2 years in federal prison for trash-searching student aid fraudster

A Florida man has been sentenced to two years in federal prison for defrauding student aid accounts, while his two fellow-conspirators have been given probation and community sentences.

The group’s techniques should serve as a reminder that it’s not just the information stored on our computers that we need to keep secure.

Christopher J. Wright of Fort Lauderdale in Florida was a student at Florida Agricultural and Mechanical University (FAMU) when he and two other Florida men hijacked financial aid accounts of a number of fellow-students, redirecting funds due to them into accounts controlled by the trio.

Wright was sentenced last week to two years prison time, and the two men who joined him in his frauds, Carl Coutard and Carliss Pereira, pleaded guilty earlier this year and have been given “home detention” and “community confinement” sentences, plus community service and restitution payments.

Most but not all of the money they defrauded has been retrieved by reversing transfers.

At the time of the initial indictments in the case, the offenses covered were said to carry sentences of up to ten years in some cases and five years in others, so it may seem that the three men have got off lightly, particularly those serving no actual jail time.

But the US Attorney announcing the sentences insisted that they send ” a clear message that engaging in this type of criminal conduct will have serious consequences, including the real possibility of a felony conviction and a prison term”.

Perhaps the most interesting feature of the case from a security viewpoint is how the three men went about gathering the information they needed to defraud their victims.

As well as using the standard techniques of social engineering, “tricking FAMU employees and the students themselves into providing this information”, and researching their victims on the internet for useful PII, they also found data “by taking paperwork discarded in the trash bins near the FAMU computer help desk”.

This should remind us of the importance of hard-copy data as well as the vast swathes of digital information on all of us swirling around the internet.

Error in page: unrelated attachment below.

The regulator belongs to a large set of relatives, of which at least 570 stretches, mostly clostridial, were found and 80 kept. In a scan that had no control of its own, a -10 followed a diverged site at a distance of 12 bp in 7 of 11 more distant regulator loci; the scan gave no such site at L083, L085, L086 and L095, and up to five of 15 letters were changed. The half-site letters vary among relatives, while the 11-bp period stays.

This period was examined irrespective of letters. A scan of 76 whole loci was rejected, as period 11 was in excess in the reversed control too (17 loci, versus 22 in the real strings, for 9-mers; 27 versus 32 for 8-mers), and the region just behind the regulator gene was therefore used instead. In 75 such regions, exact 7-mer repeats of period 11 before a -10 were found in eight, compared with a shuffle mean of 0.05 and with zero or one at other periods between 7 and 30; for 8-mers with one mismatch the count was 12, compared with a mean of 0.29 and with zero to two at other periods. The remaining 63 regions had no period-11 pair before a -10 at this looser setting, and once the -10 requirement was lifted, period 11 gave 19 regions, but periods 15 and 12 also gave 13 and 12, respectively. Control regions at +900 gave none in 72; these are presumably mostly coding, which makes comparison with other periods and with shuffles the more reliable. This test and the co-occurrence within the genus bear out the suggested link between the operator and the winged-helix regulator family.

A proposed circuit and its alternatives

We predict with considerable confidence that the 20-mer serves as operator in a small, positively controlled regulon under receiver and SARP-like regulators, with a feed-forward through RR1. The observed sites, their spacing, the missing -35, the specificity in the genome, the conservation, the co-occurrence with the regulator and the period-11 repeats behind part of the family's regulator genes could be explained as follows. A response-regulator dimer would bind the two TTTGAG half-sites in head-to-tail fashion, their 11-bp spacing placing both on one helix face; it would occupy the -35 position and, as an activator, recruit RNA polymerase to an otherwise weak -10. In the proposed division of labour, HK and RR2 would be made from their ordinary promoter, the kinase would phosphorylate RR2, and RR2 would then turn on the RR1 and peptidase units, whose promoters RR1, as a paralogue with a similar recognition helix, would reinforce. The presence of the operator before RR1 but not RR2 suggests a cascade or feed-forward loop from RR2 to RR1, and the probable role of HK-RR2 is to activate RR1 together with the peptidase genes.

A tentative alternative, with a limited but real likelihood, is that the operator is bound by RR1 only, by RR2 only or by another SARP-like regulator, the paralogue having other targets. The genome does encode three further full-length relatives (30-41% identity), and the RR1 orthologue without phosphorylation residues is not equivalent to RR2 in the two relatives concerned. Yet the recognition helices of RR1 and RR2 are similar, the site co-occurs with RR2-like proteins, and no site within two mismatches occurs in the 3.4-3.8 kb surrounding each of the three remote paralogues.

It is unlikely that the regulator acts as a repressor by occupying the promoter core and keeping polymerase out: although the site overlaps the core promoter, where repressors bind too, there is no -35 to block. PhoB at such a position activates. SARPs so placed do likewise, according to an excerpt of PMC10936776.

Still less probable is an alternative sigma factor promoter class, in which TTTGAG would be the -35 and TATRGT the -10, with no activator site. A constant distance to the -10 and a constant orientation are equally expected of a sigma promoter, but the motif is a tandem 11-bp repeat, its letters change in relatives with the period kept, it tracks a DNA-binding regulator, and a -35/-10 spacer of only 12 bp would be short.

In the age of NSA snooping anxiety, the focus of our privacy worries has been very much on protecting our online data and communications, but it’s important not to forget the potential value of old-school “dumpster diving” techniques.

Printed material we throw away can be very useful to identity thieves. Those pre-filled-in credit card application forms the banks seem to so enjoy sending out may be an obvious danger, but there are subtler indicators too, with data such as dates of birth and travel plans often easily deduced from discarded material.

Printing things out at work or college is especially dangerous, as we tend to feel safer among our peers and so are perhaps less wary of leaving bank statements or half-filled application forms lying around for prying eyes to see.

So be careful with your personal information in the real world, not just in the digital one – for example, I tear addresses off junk mail before it goes into the recycling, and I put anything at all personally identifiable straight onto the fire-lighting pile to be burned ASAP.

If you’re not lucky enough to have a nice fireplace to keep you toasty and safely destroy documents, maybe invest in a good-quality shredder and use it on anything at all sensitive.

And if you’re running a business, hospital, university or other institution handling sensitive internal or third-party data, consider a shred-by-default policy, and discourage your people from printing out anything that doesn’t really need to be committed to paper.

Image of hands holding prison bars courtesy of Shutterstock.